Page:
Parliament urged to consider making MP’s votes public

Mr. Annoh-Dompreh

Mr. Annoh-Dompreh

The Member of Parliament for Kumbungu in the Northern Region, Mr. Ras Mubarak, is pushing for Parliament to consider making public the vote of legislators in bills and legislations that come before them.

According to him, doing this would not only sharpen the responsibilities of individual MPs, but also give constituents an opportunity to know how individual MPs voted on key legislations, while holding them accountable to their constituents.

Doing this “will expose MPs who ran away when their constituents need their votes on crucial matters” he noted in a statement on the floor of the House yesterday.

He deflated arguments that if whips allowed MPs to vote the way they wanted, government programmes would be weakened.

The first time MP conceded that members were in the House on the ticket of political parties, but said, it was important that legislators balanced what was in the party’s interest and what was in the interest of the people they were representing.

“It can’t be business as usual, we have to cede ground and give the people what they want…….we have a chance to make history, to turn this House into a parliament that responds to the needs of the people,” he stated.

He proposed that on the website of the parliament of Ghana, there should be a column titled ‘How did my MP vote.’

To him this would give constituents, the media and the citizenry a chance to key in the name of their MP and see how they voted on issues of relevance.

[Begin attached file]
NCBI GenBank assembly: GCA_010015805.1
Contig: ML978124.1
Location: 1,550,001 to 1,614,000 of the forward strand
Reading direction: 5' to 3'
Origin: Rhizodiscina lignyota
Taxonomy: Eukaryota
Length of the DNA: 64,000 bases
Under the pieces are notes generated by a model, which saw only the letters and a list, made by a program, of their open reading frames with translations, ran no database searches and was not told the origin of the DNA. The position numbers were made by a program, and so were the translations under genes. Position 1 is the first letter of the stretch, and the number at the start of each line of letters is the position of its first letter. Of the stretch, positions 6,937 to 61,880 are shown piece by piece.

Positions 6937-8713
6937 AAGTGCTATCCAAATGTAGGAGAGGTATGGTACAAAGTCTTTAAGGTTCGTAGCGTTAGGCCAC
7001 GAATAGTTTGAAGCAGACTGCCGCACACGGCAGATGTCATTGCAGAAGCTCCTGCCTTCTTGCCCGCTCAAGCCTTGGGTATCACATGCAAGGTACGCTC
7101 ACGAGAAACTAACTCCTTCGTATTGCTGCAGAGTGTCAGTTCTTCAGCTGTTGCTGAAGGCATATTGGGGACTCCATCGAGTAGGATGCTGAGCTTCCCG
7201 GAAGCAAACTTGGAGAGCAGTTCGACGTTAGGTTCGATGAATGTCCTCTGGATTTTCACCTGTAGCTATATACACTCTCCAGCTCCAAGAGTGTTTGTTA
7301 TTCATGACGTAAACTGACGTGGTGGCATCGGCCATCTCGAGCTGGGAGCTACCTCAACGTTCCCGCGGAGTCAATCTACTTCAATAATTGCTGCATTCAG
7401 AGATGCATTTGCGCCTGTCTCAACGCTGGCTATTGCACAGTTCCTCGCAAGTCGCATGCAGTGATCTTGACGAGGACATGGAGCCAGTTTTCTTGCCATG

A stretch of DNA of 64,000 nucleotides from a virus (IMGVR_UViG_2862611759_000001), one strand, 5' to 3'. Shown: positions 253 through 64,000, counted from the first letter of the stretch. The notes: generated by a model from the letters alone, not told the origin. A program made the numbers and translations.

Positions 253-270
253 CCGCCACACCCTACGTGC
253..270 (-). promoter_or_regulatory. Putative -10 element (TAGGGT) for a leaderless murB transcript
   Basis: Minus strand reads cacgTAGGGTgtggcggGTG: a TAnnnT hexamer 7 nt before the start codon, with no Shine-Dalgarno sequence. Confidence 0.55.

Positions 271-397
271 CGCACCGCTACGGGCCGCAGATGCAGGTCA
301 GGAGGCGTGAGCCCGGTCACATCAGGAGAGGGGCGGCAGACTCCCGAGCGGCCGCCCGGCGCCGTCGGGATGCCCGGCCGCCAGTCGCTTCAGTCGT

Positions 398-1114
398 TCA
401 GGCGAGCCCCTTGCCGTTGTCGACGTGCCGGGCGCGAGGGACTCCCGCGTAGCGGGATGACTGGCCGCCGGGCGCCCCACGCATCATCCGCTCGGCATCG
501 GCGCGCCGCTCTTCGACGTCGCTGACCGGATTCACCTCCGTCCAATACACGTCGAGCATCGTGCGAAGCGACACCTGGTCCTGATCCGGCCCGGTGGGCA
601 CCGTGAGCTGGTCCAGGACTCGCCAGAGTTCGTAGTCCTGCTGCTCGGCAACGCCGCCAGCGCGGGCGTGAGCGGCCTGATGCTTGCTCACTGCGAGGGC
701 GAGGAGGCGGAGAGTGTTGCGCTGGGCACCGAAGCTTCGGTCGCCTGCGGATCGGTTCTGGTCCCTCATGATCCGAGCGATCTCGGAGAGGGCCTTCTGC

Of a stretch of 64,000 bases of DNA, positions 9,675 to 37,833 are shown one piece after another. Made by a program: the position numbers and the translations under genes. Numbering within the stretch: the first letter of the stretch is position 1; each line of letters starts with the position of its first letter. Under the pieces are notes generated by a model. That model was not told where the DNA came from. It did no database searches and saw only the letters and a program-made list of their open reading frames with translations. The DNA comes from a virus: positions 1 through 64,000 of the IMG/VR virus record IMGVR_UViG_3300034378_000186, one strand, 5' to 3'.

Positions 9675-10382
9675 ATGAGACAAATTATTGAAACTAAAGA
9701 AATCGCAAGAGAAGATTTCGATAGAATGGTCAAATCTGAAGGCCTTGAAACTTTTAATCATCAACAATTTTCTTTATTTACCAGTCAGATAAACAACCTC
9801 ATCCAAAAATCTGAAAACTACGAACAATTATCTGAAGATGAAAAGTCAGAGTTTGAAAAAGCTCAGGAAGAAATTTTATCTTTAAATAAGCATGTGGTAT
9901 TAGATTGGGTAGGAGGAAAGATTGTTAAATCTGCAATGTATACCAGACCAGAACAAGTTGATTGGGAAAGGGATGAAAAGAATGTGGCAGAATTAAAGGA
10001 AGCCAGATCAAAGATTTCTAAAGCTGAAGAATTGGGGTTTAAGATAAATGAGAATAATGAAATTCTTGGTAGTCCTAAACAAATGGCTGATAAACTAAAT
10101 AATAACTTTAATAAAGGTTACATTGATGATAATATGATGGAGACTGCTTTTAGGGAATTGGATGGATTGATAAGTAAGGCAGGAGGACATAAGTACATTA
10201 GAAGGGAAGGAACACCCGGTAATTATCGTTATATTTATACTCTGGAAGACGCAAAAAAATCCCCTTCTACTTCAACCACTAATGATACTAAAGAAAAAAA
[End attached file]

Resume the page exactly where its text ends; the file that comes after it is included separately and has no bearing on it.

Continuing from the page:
His suggestions, however, would only be materialised if the Standing Orders of the House were revised to allow for that as Orders 110 forbids making votes in the House public.

“There shall be secret voting in the House in respect of (a) a Bill for an Act of Parliament to amend any provision of the Constitution ; and (b) the election or removal of a person holding office under the Constitutional or law made under the Constitution” Order 110 reads.

The Speaker of Parliament, Professor Aaron Mike Oquaye, in his inaugural address, however, among other things, promised to complete work on revising the standing orders of parliament.

This Mr. Mubarak said needed to be done with some level of urgency to ensure parliamentary democracy became participatory.

His suggestions received mixed reactions from the House on party lines.

While the majority members believed doing that would distort the system of governance Ghana was practicing, his minority caucus believed it was worth considering ensuring the views of their constituents were sought on matters of national interest.

The speaker on the matter said he remained committed to seeing a speedy revision of the Standing Orders to bring governance closer to the electorate but was unable to say if Order 110 will be amended to allow for public voting.

By Julius Yao Petetsi

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